Leman P, Morley P. Review article: Updated resuscitation guidelines for 2016: A summary of the Australian and New Zealand Committee on Resuscitation recommendations. Emergency Medicine Australasia. 2016 Aug 1;28(4):379-82.

Long E, Sabato S, Babl FE. Endotracheal intubation in the pediatric emergency department. Pediatric Anesthesia. 2014 Dec 1;24(12):1204-11.

Kerrey BT, Rinderknecht AS, Geis GL, Nigrovic LE, Mittiga MR. Rapid sequence intubation for pediatric emergency patients: higher frequency of failed attempts and adverse effects found by video review. Annals of emergency medicine. 2012 Sep 30;60(3):251-9.

Niebauer JM, White ML, Zinkan JL, Youngblood AQ, Tofil NM. Hyperventilation in pediatric resuscitation: performance in simulated pediatric medical emergencies. Pediatrics. 2011 Nov 1;128(5):e1195-200

Schuerner P, Grande B, Piegeler T, Schlaepfer M, Saager L, Hutcherson MT, Spahn DR, Ruetzler K. Hands-off time for endotracheal intubation during CPR is not altered by the use of the C-MAC video-laryngoscope compared to conventional direct laryngoscopy. A randomized crossover manikin study. PloS one. 2016 May 19;11(5):e0155997.

Milander MM, Hiscok PS, Sanders AB, Kern KB, Berg RA, Ewy GA. Chest compression and ventilation rates during cardiopulmonary resuscitation: the effects of audible tone guidance. Academic Emergency Medicine. 1995 Aug 1;2(8):708-13.

Sutton RM, Niles D, Meaney PA, Aplenc R, French B, Abella BS, Lengetti EL, Berg RA, Helfaer MA, Nadkarni V. Low-dose, high-frequency CPR training improves skill retention of in-hospital pediatric providers. Pediatrics. 2011 Jul 1;128(1):e145-51.

Bhende MS, Thompson AE. Evaluation of an end-tidal CO2 detector during pediatric cardiopulmonary resuscitation. Pediatrics. 1995 Mar 1;95(3):395-9.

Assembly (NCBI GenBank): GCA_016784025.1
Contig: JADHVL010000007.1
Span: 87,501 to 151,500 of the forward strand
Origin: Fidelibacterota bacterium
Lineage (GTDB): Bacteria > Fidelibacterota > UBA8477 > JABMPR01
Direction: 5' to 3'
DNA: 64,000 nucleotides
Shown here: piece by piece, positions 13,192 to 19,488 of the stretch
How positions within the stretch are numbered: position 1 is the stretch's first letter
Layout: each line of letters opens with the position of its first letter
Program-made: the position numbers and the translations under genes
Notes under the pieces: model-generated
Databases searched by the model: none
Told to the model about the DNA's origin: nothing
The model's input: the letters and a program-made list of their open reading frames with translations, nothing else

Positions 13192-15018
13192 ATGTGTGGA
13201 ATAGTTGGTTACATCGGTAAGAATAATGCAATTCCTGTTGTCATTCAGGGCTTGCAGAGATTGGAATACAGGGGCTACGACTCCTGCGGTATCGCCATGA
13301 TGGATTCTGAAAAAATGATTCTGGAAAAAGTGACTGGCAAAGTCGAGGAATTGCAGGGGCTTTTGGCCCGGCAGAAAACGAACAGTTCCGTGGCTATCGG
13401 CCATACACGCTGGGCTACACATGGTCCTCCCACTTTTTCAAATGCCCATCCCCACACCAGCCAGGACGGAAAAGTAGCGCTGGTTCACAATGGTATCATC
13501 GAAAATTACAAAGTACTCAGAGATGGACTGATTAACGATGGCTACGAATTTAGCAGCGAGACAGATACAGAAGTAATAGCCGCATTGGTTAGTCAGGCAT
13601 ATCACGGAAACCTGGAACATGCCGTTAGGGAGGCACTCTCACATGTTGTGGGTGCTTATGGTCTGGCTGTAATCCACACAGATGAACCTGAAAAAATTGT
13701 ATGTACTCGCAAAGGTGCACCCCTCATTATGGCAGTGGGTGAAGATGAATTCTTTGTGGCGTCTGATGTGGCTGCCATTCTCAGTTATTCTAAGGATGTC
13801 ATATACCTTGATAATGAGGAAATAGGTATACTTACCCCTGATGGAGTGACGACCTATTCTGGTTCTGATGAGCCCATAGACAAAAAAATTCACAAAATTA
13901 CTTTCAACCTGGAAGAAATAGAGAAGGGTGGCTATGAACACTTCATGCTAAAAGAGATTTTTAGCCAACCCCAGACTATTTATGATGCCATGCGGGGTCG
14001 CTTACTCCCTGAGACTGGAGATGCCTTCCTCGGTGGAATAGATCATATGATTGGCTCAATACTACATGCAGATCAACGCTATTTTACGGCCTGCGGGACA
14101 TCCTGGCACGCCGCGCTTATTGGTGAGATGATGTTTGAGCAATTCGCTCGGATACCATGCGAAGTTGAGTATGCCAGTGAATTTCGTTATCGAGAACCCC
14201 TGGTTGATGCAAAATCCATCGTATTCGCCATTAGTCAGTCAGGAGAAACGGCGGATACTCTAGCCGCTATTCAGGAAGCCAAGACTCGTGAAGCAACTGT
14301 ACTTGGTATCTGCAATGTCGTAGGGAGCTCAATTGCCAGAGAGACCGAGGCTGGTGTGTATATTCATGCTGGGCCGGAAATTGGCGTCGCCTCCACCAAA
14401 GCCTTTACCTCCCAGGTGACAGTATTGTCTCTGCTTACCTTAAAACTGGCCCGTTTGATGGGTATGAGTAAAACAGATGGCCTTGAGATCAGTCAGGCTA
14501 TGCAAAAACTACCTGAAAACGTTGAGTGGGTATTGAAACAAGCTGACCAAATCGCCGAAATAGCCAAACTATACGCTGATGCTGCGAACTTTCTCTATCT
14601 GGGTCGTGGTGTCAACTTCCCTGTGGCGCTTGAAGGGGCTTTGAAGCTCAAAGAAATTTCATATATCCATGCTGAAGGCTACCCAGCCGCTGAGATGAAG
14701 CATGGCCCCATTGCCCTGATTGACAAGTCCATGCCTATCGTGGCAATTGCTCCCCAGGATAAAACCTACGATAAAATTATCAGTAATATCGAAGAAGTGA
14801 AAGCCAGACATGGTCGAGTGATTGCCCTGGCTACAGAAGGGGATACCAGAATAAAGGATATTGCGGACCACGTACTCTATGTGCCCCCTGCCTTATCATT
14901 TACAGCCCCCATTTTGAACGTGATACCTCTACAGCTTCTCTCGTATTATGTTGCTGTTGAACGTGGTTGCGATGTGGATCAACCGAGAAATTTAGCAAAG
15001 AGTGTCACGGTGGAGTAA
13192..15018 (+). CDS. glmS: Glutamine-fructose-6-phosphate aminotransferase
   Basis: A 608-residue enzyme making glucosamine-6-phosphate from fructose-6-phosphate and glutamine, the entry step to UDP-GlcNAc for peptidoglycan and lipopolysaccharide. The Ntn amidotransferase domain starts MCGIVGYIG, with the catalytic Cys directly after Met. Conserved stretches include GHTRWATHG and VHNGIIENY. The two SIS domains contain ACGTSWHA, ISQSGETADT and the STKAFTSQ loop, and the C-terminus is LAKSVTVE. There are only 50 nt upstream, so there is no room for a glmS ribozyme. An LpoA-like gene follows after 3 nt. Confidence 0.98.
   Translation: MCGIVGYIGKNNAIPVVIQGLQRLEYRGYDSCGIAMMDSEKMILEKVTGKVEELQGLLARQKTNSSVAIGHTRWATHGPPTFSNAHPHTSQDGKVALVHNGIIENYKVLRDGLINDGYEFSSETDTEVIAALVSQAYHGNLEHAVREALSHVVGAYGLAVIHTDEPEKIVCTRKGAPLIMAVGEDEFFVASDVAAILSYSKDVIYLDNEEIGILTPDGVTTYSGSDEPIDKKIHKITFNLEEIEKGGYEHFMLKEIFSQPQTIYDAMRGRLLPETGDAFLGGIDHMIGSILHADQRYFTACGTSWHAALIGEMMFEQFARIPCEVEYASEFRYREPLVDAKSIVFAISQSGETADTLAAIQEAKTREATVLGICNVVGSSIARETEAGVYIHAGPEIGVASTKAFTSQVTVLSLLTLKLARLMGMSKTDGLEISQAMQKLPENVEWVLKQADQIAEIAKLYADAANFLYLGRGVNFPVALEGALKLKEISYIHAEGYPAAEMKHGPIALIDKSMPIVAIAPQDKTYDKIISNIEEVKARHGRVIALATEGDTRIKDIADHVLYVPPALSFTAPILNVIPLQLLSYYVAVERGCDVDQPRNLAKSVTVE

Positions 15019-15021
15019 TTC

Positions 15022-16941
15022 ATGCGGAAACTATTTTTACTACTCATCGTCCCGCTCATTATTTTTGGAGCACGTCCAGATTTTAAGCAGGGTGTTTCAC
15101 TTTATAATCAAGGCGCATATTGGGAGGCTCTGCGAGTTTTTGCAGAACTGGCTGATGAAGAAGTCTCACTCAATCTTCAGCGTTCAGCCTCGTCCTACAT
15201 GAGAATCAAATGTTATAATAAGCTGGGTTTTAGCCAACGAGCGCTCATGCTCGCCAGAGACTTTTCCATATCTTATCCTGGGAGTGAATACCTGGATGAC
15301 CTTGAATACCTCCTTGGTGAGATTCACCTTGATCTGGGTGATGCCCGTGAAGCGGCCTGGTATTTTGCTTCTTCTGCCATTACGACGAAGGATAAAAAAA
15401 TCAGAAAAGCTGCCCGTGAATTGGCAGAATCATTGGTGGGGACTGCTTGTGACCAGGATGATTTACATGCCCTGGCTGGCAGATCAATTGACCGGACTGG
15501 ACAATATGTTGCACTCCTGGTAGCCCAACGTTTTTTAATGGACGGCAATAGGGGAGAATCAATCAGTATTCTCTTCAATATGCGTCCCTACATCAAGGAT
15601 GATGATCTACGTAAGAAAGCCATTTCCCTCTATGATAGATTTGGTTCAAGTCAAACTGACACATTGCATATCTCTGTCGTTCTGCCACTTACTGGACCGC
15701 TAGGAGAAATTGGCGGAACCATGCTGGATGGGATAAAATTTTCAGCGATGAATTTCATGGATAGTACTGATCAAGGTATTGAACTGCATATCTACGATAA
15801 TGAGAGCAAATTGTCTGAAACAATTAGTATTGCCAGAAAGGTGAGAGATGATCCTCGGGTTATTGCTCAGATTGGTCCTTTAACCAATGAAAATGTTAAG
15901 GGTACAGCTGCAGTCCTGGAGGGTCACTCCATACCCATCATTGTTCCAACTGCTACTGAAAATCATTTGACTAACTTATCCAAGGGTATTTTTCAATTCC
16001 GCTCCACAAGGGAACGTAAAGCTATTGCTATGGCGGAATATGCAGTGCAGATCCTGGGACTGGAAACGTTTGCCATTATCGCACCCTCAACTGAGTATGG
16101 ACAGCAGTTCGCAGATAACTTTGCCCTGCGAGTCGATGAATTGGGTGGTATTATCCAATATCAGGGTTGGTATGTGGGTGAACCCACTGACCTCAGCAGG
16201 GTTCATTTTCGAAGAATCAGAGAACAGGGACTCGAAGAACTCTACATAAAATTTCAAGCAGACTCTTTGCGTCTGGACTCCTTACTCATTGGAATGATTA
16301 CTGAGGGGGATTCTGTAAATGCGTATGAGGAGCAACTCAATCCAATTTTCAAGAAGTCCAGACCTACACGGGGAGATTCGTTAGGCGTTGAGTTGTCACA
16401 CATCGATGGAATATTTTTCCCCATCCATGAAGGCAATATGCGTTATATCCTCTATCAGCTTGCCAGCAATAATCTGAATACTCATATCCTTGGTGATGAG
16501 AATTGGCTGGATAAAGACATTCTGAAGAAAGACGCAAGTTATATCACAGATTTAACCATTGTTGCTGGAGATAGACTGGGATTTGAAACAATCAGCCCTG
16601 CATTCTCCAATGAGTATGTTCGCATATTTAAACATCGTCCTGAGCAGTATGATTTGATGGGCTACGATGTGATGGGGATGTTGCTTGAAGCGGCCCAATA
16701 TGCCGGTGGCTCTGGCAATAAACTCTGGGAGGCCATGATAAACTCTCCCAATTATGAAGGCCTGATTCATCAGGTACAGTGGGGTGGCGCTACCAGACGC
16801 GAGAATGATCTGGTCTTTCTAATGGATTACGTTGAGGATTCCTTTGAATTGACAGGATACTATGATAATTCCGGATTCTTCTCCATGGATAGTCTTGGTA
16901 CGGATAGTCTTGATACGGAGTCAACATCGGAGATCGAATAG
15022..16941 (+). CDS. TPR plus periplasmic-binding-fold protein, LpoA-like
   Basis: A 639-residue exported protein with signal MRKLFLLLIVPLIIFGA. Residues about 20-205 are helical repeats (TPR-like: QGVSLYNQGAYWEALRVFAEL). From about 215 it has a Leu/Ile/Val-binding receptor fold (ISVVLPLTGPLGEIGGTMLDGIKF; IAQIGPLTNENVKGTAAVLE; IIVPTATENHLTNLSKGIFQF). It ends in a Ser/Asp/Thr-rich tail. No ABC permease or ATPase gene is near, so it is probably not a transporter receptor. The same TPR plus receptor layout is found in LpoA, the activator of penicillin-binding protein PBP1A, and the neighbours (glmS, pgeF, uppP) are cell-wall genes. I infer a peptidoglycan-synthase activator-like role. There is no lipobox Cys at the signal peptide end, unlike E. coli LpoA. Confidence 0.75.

Can’t intubate, Can’t Oxygenate

Cite this article as:
Andrew Tagg. Can’t intubate, Can’t Oxygenate, Don't Forget the Bubbles, 2016. Available at:

Paediatric critical procedures are rare in the emergency department. Data from one Victorian network showed that 83% of emergency physicians had not performed one in a twelve month period. We also know from audit data that we seem to have a lower first pass success rate (around 78%) when it comes to paediatric intubation. We can put in a lot of strategies to increase the chance of first pass success but what happens if you get into a ‘Can’t Intubate, Can’t Oxygenate” (CICO) scenario?

Polly put the kettle on… and poured a cup of tea

Cite this article as:
Amie Beattie. Polly put the kettle on… and poured a cup of tea, Don't Forget the Bubbles, 2016. Available at:

Jack, a 2 year old boy, is rushed into the Emergency Department by his distraught mother, Polly. She had just poured a cup of tea and prior to adding milk, Jack reached up to the kitchen table, pulling the tea toward himself and sustaining a burn to his neck and chest. You recall an article that was presented at Journal Club recently – ‘Airway compromise in children with anterior neck burns: Beware the scalded child’, and you wonder what to do next….